Ryan Hardy first tasted a version of this succulent pork from a street vendor in Siena, Italy. "It changed the way I thought about food," he says. "It was fatty and sweet, spicy and succulent, smoky and salty—all at the same time." Hardy uses the rub on other kinds of pork cuts, including the shoulder and leg, but the bone-in pork roast is the most dramatic; he often wraps a piece of pork belly around the side to make the meat extra juicy.
More Roast Recipes
6 large garlic cloves, coarsely chopped
2 tablespoons coarsely chopped rosemary
1 tablespoon whole fennel seeds
1 teaspoon ground fennel
2 teaspoons crushed red pepper
2 teaspoons freshly ground black pepper
1/4 cup extra-virgin olive oil
One 10-rib pork loin roast (5 1/2 pounds)—chine bone removed, fat trimmed to 1/4 inch, rib bones frenched (see Note)
How to Make It
Preheat the oven to 400°. In a mini processor, combine the garlic, rosemary, fennel seeds, ground fennel, crushed red pepper, black pepper and olive oil and process to a paste. Set the pork roast on a large rimmed baking sheet and cut shallow score marks all over the fat. Spread 1 tablespoon of the garlic paste on the underside of the roast; spread the remaining paste all over the scored fat and meaty parts of the roast. Season all over with salt.
Roast the pork, fat side up, for 1 hour. Reduce the oven temperature to 325° and roast the pork for about 35 minutes longer, or until an instant-read thermometer inserted into the thickest part of the meat registers 150°. Transfer the roast to a carving board and let rest for 15 minutes. Carve the roast into chops and serve at once.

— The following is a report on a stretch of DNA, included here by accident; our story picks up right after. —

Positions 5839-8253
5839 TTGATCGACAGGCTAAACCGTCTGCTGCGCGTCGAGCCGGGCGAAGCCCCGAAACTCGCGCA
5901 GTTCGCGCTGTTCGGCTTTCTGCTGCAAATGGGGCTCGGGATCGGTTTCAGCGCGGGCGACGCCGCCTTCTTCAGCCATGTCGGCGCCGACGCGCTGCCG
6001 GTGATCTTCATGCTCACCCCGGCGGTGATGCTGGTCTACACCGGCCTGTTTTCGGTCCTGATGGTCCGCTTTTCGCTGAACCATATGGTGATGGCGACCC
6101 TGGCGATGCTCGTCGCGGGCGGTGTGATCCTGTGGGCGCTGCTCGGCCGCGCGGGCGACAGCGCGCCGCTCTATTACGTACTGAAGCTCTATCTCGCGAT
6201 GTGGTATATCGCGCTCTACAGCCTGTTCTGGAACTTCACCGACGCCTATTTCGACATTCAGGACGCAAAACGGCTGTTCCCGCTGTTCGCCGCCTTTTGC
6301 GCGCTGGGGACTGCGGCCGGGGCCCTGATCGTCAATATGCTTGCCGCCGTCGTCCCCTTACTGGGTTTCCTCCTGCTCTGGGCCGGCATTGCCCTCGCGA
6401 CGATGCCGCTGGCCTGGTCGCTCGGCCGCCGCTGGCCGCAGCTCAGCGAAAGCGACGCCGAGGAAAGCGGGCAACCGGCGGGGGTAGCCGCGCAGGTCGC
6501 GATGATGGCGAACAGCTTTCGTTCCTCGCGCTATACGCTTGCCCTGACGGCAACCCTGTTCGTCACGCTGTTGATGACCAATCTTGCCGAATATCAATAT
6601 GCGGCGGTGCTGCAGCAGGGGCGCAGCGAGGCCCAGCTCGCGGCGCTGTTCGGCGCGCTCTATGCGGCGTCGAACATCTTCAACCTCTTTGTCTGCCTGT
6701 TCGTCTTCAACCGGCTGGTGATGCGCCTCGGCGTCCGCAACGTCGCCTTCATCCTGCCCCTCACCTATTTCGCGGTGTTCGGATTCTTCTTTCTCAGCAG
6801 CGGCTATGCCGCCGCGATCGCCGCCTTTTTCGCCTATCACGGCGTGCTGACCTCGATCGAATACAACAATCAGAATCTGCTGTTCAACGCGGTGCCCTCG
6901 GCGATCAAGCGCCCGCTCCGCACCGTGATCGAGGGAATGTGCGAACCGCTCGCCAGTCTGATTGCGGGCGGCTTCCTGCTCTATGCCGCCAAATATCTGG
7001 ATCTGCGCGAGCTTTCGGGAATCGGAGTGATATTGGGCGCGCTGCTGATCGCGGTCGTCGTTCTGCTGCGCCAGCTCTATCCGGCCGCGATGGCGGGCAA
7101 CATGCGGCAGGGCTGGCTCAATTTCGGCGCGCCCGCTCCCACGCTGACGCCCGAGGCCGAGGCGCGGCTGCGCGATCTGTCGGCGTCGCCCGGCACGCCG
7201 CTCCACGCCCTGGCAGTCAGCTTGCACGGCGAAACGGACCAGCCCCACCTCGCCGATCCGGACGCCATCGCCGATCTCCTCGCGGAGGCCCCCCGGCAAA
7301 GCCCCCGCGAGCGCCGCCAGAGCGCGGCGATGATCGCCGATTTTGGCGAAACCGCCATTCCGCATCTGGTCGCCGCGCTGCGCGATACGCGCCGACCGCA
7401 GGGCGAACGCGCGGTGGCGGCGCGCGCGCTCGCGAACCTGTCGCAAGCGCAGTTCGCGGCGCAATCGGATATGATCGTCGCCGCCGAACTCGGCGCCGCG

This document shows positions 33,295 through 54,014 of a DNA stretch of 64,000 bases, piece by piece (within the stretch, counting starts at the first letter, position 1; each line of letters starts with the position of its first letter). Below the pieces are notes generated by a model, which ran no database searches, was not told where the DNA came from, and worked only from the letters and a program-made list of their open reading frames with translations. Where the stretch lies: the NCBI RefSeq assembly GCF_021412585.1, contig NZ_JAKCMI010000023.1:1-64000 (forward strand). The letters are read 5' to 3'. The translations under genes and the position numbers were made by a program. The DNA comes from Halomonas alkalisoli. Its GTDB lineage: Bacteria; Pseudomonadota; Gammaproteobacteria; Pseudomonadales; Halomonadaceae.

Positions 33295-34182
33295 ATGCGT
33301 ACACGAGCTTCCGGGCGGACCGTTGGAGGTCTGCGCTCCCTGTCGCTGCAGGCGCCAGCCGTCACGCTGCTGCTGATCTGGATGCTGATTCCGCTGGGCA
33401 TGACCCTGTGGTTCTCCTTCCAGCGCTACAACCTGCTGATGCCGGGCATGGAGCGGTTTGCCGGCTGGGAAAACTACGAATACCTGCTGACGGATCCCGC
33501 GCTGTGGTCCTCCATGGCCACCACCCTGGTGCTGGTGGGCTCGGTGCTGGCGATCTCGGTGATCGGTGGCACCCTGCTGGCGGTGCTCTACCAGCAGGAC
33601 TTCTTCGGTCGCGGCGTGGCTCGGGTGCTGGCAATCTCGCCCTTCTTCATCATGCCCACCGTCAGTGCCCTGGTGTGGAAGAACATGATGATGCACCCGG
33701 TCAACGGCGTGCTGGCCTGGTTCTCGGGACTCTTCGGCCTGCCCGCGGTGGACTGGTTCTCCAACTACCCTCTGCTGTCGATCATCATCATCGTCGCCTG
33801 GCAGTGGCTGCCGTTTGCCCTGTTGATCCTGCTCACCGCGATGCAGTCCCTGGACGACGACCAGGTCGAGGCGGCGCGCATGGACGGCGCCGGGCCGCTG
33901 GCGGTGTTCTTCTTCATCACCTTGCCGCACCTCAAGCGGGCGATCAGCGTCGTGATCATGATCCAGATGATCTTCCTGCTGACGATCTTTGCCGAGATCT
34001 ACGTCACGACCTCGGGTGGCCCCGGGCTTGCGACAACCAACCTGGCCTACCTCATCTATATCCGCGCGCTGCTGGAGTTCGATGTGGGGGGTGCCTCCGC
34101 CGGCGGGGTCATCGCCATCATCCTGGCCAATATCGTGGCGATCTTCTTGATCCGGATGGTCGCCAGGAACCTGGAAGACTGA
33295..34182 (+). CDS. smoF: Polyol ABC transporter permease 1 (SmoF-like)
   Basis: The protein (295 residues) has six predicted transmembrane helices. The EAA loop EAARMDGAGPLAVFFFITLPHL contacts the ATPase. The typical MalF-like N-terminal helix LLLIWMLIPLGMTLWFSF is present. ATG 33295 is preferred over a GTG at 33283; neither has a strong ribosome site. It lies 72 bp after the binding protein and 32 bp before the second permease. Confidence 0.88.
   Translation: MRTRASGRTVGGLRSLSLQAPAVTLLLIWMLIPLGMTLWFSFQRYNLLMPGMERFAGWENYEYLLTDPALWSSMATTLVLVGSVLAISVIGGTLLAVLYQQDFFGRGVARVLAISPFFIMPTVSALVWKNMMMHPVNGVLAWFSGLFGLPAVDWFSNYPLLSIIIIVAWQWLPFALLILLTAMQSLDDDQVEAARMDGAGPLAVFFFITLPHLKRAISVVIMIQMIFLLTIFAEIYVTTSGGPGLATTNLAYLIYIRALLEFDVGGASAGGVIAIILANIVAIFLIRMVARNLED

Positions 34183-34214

The uncooked herb-rubbed pork roast can be covered and refrigerated overnight. Bring to room temperature before roasting.
Have your butcher french (remove the meat from) the rib bones for you.
This succulent loin roast deserves a full-bodied red with enough flavor to stand up to its crisp, spicy crust, such as an Australian Grenache.
You May Like
Sign Up for Our Newsletter
Keeping you in the know on all the latest & greatest food and travel news, and other special offers.
Review Body: Great recipe, EXCEPT: 1) 150°F is way over-cooked. 130°F internal temperature is perfect, and 2) the oven temperature should be higher... You're ROASTING not BAKING. I cooked a 4 1/2 lb roast for ~75 minutes at 425°F in a convection oven. Without convection, I'd have done 450°F. The flavors were phenomenal, however.
Review Rating: 3
Date Published: 2016-12-26
Author Name: Sylvia Flores
Review Body: <strong><span data-text-size="large">Amazing pork recipe! </span></strong>
<strong><span data-text-size="normal"><em>With alterations:</em></span></strong><strong><em> </em></strong>
I brined the 5.5 lb. French cut pork loin in a combination of salt, molasses, garlic, and thyme for about 12 hours. Then I created a butter-based (vs. olive oil) rub and buzzed that along with fresh thyme and rosemary, a ton of garlic, salt, pepper. I let it sit counter top for about 45 minutes before going into the oven. I went with @Tony Leonard's comment below regarding temperatures. Traditional oven, 450 for 45 minutes, then reduced the oven to 325 for another 20 minutes with temp in. When the internal temp was 130, I removed and rested for about 15 minutes. The temperature continued to rise to 155. I'll definitely make this again, but I would pull the pork loin out at an internal temperature of 120 in the future due to that temperature rise. The brining saved it - it was the most incredibly moist pork I've ever had, and my guests raged.
Review Rating: 5
Date Published: 2017-12-26
Author Name: Roderigeaux
Review Body: Best meat entree I've ever had. Well,.....the veal with morel cream sauce is a close second!